This article is going to explore some of the equipment, space requirements, and other resources that make for a successful and awesome DIY home brewery.  Like so many homesteading projects and hobbies, there are basic procedures, guidelines, and equipment that should be followed to end up with a good result.  Think about canning as an example.  When you set out to can tomatoes, make preserves, or whip up a batch of pickles, you do not try and reinvent the wheel each time.  We know through the scientific process and observation throughout the years that certain recipes, amounts of acidity, appropriate sugar and salt content, and proper processing methods and times lead to a successful end result that will not kill you or get you sick.  This is a good thing and is in place for a reason.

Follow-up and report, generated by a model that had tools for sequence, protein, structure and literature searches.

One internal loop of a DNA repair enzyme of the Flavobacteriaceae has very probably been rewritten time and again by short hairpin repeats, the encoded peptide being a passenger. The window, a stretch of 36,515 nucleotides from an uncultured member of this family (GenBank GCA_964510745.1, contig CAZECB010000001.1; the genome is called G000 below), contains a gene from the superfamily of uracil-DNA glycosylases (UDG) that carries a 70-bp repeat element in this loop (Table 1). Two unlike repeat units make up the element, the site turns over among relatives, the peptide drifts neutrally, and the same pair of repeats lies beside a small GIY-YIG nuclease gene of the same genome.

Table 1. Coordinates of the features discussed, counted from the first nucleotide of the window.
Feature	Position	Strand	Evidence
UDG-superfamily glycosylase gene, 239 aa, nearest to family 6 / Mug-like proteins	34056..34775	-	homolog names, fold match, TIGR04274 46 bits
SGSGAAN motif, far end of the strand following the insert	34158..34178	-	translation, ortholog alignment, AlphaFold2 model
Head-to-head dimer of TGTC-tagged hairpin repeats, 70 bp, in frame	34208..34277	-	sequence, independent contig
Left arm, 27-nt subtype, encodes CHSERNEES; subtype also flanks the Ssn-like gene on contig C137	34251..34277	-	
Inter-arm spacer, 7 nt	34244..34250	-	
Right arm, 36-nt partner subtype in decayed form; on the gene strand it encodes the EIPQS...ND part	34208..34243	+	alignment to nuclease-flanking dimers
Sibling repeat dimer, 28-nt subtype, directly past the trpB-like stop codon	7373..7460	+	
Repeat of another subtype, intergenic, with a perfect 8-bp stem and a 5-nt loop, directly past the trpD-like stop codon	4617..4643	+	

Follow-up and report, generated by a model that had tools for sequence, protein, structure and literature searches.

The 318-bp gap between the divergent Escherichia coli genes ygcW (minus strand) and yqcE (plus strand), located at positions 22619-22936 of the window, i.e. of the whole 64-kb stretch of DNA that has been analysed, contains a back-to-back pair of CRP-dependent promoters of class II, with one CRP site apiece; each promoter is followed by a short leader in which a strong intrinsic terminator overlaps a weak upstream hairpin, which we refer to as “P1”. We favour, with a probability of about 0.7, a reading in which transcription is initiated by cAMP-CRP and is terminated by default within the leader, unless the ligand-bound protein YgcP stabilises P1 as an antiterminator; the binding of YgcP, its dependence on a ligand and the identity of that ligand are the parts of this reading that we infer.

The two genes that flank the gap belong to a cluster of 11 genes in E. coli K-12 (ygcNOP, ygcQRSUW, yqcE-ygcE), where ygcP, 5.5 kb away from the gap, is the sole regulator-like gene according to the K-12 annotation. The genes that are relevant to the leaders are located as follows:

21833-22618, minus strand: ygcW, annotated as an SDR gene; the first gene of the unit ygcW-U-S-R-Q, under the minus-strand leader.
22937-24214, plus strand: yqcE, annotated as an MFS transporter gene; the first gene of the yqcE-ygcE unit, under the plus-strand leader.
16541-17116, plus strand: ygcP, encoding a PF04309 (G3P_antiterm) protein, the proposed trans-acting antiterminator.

Here is the burner, and someday soon, a stove just for brewing.

Here is the burner, and someday soon, a stove just for brewing.

While brewing is a much more forgiving process in terms of the end product not killing you (at least not  because of crappy equipment or poor brewing methods), having the proper equipment and a decent comprehension of the process can lead to success more times than not.  But don’t let this fool you into thinking that it is a one size fits all approach.  There are quite a few variations on both equipment and procedure that can be adapted to your personal situation.  Do your homework and evaluate what kinds of resources you have available to use, and as Charlie Papizian once said, “Don’t worry, relax, and have a home brew”!  So what follows are some of my thoughts and ideas as far as my downstairs, DIY home brewery is concerned.